Monday, October 08, 2018
The Hundred Dresses
First sentence: Today, Monday, Wanda Petronski was not in her seat. But nobody, not even Peggy and Madeline, the girls who started all the fun, noticed her absence. Usually Wanda sat in the next to the last seat in the last row in Room 13. She sat in the corner of the room where the rough boys who did not make good marks on their report cards sat; the corner of the room where there was more scuffling of feet, most roars of laughter when anything funny was said, and most mud and dirt on the floor.
Premise/plot: The heroine of Eleanor Estes' The Hundred Dresses is a young girl named Maddie. The book chronicles her awakening of conscience. Peggy and Maddie began "having fun" with Wanda Petronski several months before this chapter book opens. Fun. That's how Peggy sees it. And perhaps that's how Maddie viewed it the first few times. But lately Maddie has been thinking the "fun" they're having is wrong--is in fact unkind. But if she spoke up to Peggy, would Peggy listen to her and stop? Or would Peggy turn her back on her? Would Maddie lose her best friend?
"The fun" started when Wanda said she had a hundred dresses in her closet. Wanda--the girl who has worn the same dress every single day of the school year. Wanda--the girl with the funny last name. Wanda--the girl who lives on the wrong side of town. How could that Wanda really, truly have hundred dresses in her closet. She has to be lying, right?! If she's going to tell such a bold lie as that, is teasing her all that wrong?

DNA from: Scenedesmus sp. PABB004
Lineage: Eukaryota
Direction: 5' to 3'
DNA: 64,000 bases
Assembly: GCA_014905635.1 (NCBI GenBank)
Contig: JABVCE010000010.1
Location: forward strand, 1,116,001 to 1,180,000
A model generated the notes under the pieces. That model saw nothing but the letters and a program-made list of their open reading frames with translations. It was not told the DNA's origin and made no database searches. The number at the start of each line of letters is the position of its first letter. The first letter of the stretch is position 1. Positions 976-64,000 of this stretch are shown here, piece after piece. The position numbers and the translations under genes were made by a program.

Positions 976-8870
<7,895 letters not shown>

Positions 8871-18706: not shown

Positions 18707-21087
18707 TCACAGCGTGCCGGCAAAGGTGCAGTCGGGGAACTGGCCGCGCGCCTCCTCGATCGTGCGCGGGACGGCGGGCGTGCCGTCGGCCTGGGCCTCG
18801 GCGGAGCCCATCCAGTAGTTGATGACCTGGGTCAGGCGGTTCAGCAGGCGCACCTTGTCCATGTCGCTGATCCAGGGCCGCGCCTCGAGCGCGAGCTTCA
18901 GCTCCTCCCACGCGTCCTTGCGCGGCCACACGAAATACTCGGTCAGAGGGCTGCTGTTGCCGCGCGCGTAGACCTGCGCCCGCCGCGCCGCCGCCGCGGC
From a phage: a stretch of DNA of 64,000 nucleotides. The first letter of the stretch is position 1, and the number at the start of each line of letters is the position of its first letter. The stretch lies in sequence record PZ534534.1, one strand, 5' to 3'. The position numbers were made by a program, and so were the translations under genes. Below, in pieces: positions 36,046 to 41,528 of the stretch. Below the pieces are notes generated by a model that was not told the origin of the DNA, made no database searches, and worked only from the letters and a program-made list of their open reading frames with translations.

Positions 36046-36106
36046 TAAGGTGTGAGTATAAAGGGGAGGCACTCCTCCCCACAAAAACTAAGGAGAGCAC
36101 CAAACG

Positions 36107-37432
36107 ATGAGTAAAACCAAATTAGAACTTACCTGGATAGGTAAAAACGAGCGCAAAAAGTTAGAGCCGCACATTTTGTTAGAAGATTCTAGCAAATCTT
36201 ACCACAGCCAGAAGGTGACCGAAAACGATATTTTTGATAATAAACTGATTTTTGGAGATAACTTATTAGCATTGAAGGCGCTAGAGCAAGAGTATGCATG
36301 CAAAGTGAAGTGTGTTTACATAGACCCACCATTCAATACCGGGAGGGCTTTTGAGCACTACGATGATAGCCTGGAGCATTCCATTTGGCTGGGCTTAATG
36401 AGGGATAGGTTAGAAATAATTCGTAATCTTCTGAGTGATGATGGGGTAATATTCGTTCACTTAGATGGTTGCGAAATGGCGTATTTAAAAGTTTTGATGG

Maddie comes to think it is. But her change of heart may be too late. Will Wanda ever know that Maddie is sorry for the way she's behaved?
My thoughts: I first read this one a few years ago. I think I love it even more now upon second reading. The book has a gentleness to it, but don't underestimate the power of meekness. This book has a message for young readers.
Wanda. By the time the book opens, Wanda has essentially already left school. We see her through Maddie's eyes--in a flashback of sorts. We see her through her artwork. We see her through her letter to the teacher. The impression I get of Wanda is that she's incredible, a girl worth knowing and befriending. For it seems that despite the teasing, she is willing to forgive. She's not angry. She's not bitter. She's not hateful. She's kind. Turning the other cheek, kind. The embodiment of the golden rule: "do unto others."
Maddie. This is a coming-of-age for Maddie. It is her character growth the book chronicles. Maddie was not "the instigator" of the bullying. She was a follower--a somewhat reluctant participant. But by the end of the book Maddie realizes that even observing "the fun" and standing by and doing nothing--saying nothing--is a wrongful act. Maddie realizes her own cowardice, her own weakness. She makes a resolution to change, to be a better person, to make amends, to never follow the crowd again, to always do what is right no matter what.
Peggy. This is the girl we know the least about. We know that she is one who first started teasing Wanda. But we don't know her heart--just her actions. Did she know it was wrong? Did she stop "the fun" only because Wanda moved away, or did she too experience a change of heart? I get the impression that she feels guilty, but not the impression that she's genuinely repentant and wanting to make amends. If Maddie wasn't so eager to make amends, would Peggy's guilty feeling last all that long? We just don't know. We can guess. But we can't know.
Have you read the Hundred Dresses? What did you think of it?!
© 2018 Becky Laney of Becky's Book Reviews